Could it be that this was less about any imminent threat represented by Soleimani or the restoration of US deterrence and more about politics and Trump’s desire to upstage his Democratic predecessor’s handling of the 2012 raid by Islamic militants on the American consulate in Benghazi, Libya? Or perhaps the President was simply goaded into striking Soleimani by Iran’s Supreme Leader, Ali Khamenei, who taunted Trump on Twitter as “that guy” who “can’t do anything” to Iran. Understanding the circumstances which provoked the US to lash out precisely now against Khamenei’s top lieutenant has critical implications for Israel and other US allies seeking to calibrate their cooperation with Washington.

Of still greater consequence is what Trump resolves to do, or not do, in the weeks and months ahead. Israel and other Middle Eastern states which have sought to counter Iranian nuclear aspirations have long entreated the US, with its advanced capabilities and global footprint, to lead the effort to bring Iran to heel. America, for its part, has served up a varied menu—economic, diplomatic and military—of rhetorical and operational means that both Trump and before him, Barack Obama have enlisted to thwart Iran’s acquisition of a nuclear weapon, but with only limited success. This endeavor stands now at a crossroads.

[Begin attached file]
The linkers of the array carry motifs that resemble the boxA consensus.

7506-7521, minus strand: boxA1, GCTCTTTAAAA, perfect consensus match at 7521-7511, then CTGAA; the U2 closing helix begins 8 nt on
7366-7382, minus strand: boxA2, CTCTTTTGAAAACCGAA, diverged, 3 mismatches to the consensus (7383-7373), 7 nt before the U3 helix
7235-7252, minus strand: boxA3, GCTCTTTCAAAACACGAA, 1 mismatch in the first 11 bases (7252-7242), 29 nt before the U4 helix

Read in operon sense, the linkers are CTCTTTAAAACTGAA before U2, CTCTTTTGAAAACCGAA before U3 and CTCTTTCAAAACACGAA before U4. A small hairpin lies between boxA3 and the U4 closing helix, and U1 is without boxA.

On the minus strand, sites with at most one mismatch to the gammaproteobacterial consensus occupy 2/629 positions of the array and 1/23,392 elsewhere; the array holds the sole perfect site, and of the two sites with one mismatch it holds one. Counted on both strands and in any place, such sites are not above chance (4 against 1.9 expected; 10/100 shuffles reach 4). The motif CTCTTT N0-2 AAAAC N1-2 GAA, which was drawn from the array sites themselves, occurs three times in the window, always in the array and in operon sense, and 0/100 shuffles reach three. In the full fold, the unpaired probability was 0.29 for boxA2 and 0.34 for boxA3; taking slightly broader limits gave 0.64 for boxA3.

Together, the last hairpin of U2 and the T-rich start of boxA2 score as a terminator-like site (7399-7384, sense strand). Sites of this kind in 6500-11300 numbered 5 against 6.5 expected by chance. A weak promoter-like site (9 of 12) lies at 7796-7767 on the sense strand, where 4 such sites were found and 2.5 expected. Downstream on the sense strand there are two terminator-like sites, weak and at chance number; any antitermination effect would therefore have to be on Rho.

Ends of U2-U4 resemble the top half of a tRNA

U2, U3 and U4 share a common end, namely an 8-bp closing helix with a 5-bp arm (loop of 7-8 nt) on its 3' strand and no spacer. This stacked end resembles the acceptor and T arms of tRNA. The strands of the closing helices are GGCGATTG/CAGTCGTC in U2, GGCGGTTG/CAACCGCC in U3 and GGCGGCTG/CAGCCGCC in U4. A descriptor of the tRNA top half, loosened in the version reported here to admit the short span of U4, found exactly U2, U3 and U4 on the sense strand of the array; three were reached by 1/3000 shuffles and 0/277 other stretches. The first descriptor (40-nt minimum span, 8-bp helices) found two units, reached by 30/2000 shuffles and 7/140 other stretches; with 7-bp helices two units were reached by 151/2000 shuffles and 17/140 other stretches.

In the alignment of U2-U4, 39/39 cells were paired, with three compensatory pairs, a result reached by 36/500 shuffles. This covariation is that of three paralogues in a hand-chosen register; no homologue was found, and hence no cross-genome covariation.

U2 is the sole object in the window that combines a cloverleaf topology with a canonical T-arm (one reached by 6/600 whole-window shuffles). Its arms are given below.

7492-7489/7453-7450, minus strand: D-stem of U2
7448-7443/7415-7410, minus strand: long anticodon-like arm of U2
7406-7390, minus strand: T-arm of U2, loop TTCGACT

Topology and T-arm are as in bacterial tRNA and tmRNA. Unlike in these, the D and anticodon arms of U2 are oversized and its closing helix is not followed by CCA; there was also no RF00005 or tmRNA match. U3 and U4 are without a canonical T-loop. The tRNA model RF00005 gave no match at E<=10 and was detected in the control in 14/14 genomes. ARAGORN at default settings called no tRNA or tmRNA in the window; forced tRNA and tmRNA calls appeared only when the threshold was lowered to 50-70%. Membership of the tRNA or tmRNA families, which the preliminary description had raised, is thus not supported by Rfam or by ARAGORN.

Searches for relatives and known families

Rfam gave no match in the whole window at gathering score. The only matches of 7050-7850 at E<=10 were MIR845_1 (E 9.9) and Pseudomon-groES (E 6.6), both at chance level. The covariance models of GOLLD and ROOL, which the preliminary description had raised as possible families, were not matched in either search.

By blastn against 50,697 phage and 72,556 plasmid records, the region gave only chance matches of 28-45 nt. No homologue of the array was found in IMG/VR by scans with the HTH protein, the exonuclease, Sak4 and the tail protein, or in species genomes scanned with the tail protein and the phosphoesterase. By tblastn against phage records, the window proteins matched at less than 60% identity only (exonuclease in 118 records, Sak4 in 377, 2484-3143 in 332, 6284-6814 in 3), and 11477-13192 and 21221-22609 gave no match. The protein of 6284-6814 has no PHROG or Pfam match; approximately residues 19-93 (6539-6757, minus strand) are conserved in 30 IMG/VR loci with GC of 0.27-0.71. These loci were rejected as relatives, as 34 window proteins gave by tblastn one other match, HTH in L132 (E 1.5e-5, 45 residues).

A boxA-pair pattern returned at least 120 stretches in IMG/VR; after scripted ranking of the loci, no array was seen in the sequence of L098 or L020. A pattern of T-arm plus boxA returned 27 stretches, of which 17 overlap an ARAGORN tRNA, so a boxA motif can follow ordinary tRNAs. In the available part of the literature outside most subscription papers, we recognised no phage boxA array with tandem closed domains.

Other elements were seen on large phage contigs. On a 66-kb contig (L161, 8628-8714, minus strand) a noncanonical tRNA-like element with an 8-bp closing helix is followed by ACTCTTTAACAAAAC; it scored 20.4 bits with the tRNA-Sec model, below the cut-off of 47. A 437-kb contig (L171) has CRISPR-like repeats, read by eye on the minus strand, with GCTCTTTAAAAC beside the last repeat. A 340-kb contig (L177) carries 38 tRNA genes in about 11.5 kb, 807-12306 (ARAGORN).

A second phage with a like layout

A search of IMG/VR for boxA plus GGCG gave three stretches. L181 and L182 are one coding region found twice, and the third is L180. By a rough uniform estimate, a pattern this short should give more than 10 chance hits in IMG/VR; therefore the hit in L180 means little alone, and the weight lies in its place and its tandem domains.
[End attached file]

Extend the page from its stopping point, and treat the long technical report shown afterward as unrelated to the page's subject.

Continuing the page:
On Sunday January 5, 2020, Iran renounced all constraints it had accepted on its enrichment of uranium, dealing another blow to already spotty compliance with the terms of the Joint Comprehensive Plan of Action (JCPOA) from which Trump withdrew in May 2018. Compounding the fragility of the current moment, Iraq’s parliament voted, also on Sunday, to expel US forces from the country, which would create a dangerous vacuum that Iran will be certain to try and fill.